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5 Resume Writing Tips for Elementary Teachers
Think of the elementary teacher resume samples and these tips as the ABCs of success:
1. Include your education and other credentials.
It may seem obvious, but make sure you have your degrees and certifications on the resume. You need both a bachelor’s degree and a license to teach. The necessary qualifications for elementary teacher licenses vary by state, so be sure that you’ve checked all the necessary boxes.
2. Focus your resume with a strong summary or objective at the top.
When you teach kids how to write a strong paragraph, you emphasize the importance of the topic sentence. This sentence states the main idea of the paragraph, giving it its focus.
Your resume needs the same thing. If you’re an experienced teacher, start with a summary. Write a few sentences that announce your experience and tie them to a strong, quantifiable win. This makes it easier for readers to sort the information that follows, and gives them a snapshot that will help them remember you.
If you don’t have a lot of experience, a resume objective might serve you better. Talk about your wins and qualifications, but focus on the future — on where you’re going and how you’ll get there.
3. Focus on your wins rather than your responsibilities.
It’s natural to list the day-to-day tasks under your previous positions, but employers want an exceptional teacher rather than an adequate one. Prove you’re the person for whom they’re looking by calling attention to your wins as a teacher.
Did you bring students who were trailing behind the class to grade-level reading skills? Did previous students perform particularly well on standardized tests? Did you innovate a certain activity or program at your previous school?
List these accomplishments under your teaching experience. Whenever possible, use facts and figures to quantify your achievements. These details lend credibility and make it easier for principals to imagine how you would benefit their school.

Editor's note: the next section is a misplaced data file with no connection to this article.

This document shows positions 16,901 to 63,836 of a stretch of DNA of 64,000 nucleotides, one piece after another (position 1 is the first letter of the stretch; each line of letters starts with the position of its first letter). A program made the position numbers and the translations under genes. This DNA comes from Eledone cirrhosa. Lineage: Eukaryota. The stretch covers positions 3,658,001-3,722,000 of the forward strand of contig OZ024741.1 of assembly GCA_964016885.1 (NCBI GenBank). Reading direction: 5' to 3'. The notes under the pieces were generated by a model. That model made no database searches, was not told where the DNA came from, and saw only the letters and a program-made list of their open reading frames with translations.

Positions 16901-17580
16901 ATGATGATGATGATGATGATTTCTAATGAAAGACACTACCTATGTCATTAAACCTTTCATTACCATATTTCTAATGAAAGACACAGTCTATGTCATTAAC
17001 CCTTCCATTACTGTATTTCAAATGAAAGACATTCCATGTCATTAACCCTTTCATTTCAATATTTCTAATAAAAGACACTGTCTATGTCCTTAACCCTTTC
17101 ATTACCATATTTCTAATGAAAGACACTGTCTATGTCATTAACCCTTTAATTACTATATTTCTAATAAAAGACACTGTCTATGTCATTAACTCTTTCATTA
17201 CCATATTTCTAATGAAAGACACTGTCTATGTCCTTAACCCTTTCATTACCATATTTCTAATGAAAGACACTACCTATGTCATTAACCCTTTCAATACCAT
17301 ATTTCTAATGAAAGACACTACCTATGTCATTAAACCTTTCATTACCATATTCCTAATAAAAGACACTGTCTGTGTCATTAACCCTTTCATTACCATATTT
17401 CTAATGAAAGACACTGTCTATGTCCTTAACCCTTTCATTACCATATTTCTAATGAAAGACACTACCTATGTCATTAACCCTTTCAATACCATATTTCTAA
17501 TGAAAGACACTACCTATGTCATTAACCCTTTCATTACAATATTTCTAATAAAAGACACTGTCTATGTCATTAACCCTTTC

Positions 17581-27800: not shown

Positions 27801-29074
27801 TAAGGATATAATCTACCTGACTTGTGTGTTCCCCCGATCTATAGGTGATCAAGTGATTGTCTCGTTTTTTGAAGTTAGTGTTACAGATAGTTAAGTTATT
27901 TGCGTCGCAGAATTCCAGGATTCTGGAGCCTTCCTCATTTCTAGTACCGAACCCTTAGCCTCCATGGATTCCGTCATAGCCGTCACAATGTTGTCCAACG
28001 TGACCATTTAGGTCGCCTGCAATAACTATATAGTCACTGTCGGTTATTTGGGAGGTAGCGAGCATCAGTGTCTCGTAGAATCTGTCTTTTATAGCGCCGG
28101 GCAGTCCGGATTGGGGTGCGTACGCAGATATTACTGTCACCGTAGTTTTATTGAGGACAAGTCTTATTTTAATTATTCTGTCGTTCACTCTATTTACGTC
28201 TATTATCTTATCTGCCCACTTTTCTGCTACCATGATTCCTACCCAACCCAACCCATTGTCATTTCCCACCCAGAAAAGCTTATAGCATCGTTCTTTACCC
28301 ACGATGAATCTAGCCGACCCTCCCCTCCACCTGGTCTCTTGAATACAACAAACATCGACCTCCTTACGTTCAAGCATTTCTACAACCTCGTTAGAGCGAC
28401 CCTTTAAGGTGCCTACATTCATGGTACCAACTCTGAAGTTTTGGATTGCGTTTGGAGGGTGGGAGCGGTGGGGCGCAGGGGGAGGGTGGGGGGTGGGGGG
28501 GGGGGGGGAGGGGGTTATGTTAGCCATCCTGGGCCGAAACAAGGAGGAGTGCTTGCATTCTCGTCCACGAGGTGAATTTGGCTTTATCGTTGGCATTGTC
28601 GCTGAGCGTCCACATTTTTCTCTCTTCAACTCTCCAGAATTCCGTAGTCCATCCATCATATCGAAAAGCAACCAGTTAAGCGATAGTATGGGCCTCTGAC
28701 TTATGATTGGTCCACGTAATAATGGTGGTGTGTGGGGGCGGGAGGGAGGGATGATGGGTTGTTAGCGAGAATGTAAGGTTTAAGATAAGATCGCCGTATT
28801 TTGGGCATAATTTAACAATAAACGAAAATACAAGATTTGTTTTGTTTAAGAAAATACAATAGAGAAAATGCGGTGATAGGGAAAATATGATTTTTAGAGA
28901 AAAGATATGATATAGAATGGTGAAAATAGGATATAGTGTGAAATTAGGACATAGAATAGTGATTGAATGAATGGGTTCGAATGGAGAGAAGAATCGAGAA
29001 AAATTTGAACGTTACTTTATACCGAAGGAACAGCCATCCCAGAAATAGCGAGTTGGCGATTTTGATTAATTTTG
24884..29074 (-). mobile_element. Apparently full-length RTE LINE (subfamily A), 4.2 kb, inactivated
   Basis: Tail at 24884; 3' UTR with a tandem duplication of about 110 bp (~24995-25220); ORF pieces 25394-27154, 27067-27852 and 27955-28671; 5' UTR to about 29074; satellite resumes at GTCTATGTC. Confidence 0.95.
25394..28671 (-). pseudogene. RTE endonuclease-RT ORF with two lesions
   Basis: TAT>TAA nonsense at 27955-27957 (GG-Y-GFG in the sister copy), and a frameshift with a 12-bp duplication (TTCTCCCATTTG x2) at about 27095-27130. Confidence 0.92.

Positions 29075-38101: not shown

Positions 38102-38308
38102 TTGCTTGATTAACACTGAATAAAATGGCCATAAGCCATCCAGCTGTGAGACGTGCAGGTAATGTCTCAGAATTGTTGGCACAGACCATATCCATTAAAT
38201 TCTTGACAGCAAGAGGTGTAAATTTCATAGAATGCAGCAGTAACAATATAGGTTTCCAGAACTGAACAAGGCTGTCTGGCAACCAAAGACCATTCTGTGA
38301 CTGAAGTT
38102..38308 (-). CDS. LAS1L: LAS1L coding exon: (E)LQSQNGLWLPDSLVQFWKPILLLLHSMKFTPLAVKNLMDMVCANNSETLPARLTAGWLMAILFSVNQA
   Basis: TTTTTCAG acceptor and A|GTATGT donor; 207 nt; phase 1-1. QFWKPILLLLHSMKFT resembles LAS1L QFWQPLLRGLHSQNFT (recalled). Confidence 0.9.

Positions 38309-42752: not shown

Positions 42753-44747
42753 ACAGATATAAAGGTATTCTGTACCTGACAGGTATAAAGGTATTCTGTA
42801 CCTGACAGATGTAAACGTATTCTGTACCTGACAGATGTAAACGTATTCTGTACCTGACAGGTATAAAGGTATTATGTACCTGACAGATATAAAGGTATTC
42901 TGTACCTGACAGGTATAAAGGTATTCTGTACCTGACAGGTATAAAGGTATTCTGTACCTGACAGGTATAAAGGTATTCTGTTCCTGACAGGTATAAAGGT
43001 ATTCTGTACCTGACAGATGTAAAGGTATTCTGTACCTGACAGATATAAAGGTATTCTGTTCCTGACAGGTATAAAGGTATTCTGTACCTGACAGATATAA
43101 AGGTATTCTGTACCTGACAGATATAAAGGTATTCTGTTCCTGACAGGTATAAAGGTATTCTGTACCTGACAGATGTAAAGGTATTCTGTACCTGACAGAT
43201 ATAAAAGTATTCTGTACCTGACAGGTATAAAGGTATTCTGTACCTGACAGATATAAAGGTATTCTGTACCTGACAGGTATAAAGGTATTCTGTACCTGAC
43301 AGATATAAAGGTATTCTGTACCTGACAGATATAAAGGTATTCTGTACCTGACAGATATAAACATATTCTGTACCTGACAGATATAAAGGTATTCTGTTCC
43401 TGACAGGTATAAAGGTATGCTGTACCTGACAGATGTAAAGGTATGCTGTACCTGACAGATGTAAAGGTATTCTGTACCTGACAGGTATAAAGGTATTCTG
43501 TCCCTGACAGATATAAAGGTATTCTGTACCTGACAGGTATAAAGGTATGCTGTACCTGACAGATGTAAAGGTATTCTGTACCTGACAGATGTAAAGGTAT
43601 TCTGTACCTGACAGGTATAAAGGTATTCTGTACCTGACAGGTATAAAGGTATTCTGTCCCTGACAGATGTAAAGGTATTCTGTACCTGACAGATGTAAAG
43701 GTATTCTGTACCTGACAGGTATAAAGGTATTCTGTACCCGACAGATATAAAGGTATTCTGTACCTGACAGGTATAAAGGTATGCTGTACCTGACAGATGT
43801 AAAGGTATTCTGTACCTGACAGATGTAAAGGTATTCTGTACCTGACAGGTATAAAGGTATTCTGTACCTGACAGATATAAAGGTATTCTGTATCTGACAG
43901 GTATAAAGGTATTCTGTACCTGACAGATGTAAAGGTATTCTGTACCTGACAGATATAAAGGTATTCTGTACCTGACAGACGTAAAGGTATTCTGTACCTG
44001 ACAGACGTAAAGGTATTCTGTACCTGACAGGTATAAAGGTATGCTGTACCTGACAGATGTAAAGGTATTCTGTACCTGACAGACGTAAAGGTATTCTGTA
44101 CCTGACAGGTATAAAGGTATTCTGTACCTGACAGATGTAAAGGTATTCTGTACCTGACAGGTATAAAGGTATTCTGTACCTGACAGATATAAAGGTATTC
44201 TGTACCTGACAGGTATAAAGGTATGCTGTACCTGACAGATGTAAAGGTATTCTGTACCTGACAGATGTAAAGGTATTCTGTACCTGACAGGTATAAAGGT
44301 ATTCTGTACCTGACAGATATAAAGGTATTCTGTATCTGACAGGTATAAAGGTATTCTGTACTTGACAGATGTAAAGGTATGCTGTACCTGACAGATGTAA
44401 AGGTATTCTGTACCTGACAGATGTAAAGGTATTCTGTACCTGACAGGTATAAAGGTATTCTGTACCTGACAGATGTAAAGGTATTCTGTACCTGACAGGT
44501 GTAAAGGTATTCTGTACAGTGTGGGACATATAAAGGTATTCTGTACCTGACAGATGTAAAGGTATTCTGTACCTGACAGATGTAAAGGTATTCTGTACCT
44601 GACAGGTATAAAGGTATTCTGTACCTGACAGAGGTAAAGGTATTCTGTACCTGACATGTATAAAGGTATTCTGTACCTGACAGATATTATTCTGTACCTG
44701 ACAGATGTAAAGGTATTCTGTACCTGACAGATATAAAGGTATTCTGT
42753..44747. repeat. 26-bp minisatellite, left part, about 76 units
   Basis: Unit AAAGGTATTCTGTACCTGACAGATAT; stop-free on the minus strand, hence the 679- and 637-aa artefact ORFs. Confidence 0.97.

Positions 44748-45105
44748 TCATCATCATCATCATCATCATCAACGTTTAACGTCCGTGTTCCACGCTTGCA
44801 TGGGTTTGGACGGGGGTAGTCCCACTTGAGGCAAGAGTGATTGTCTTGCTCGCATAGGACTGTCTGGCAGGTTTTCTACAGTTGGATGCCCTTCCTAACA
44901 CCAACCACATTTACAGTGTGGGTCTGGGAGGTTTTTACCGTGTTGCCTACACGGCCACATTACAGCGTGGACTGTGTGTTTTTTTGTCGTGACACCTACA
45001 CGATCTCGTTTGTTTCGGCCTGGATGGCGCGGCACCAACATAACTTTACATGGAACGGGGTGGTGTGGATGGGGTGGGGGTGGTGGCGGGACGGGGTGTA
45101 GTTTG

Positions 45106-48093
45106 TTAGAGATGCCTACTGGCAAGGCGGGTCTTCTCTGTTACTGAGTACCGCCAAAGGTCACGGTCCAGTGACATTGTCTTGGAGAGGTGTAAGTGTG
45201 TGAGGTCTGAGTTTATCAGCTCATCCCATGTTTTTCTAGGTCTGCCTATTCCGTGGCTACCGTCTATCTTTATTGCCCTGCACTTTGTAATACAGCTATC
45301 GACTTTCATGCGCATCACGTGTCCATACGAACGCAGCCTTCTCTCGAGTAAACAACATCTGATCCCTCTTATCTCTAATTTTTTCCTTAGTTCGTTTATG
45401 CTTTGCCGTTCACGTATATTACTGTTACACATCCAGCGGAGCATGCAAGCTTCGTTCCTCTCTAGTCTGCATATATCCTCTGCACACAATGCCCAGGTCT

4. Link to a teaching portfolio website.
While there’s no substitute for the traditional resume and cover letter, more and more teachers are including a digital teaching portfolio in their applications. These websites include features such as:
- A teaching philosophy
- An expanded resume
- A portfolio of lesson plans
- An “About Me” page with additional information
This is the place for you to get creative. Share student testimonials or work — with parent permission. Keep a blog with your thoughts on education issues. Link to education-related projects you’ve pursued outside of the classroom.
Just putting together the website demonstrates comfort with digital tools that will translate to the classroom.
5. Show that you’re current with contemporary resources and issues.
School administrators and other hiring personnel want to see a candidate who is in touch with the real challenges and opportunities in front of their students.
On the one hand, they need teachers who are up to date with the latest digital pedagogy. Highlight elementary teacher skills that involve digital communication and content, and list all the platforms that you’re familiar with. You should also include related projects on your portfolio website.
On the other hand, they need teachers who can combine that technology expertise with empathy and humanity. Most schools include kids from a variety of different cultures and demographics. As a result, you should include experience that demonstrates your ability to work with all students from different backgrounds. You should also stay current with ongoing concerns such as the digital divide in education, which may come up in interviews.